"We are still talking in somewhat general terms although we've asked the staff of the various committees to make sure that we have detailed information on certain issues," Rep. Chris Van Hollen, D-Md., said after the evening session.

Van Hollen said the talks have expanded to include other issues, including a package of business and individual tax cuts that expired at the end of 2009. The business tax cuts, including a popular research and development tax credit, have wide support in Congress, but lawmakers have been unable to agree on spending cuts or other tax increases to pay for them.

"We need to figure out where there's agreement between the House and the Senate on those packages, what would be in something if we decided to move forward," Van Hollen said.

More talks are scheduled for Thursday.

Obama and Democratic leaders in Congress want to extend the Bush era tax cuts for individuals making less than $200,000 and married couples making less than $250,000. Republicans and some rank-and-file Democrats want to extend the tax cuts for everyone.

Making tax cuts permanent for middle- and lower-income taxpayers would add a little more than $3 trillion to the national debt over the next decade. Making them permanent for high earners would require an additional $700 billion in federal borrowing, according to congressional estimates.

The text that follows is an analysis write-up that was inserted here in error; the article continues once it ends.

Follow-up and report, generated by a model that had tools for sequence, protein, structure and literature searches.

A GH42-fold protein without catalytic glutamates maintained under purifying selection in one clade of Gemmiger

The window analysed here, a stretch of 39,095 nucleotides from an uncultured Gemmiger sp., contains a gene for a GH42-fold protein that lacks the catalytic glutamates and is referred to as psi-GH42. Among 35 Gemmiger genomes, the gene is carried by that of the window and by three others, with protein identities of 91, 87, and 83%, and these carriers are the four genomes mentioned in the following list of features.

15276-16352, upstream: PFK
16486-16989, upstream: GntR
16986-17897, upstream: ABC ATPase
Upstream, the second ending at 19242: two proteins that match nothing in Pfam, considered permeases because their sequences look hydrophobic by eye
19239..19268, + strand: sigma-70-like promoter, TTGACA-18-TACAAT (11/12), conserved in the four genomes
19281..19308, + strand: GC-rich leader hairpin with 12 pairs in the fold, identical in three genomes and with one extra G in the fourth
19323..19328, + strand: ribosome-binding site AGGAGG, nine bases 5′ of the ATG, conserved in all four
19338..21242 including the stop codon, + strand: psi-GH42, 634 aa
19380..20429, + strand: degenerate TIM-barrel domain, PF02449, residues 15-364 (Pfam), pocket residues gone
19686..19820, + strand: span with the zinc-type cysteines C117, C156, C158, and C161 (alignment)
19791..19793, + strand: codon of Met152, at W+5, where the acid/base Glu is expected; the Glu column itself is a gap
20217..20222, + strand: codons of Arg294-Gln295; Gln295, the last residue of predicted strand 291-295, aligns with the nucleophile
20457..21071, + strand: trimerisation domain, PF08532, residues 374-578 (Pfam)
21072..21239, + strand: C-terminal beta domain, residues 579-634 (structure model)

Obama said Wednesday he is confident Democrats and Republicans will be able to resolve their differences over tax cuts, though he said there would be some "lingering politics" that have to be dealt with.

Forty-two Senate Republicans signed a letter to Senate Majority Leader Harry Reid, D-Nev., saying they intend to block action on all Democratic-backed legislation until the Senate votes on extending the Bush tax cuts, as well as a budget bill needed to keep funding the government into next year.

The strategy would further doom already dismal prospects for Democratic attempts to end the Pentagon's practice of discharging openly gay members of the military service and give legal status to young illegal immigrants who join the military or attend college.

Republicans have little incentive to make major concessions in December, considering their power on Capitol Hill will greatly increase in January. Democrats still control both chambers until the end of the year, but they need Republican votes in the Senate to pass a tax bill.

The Associated Press contributed to this report.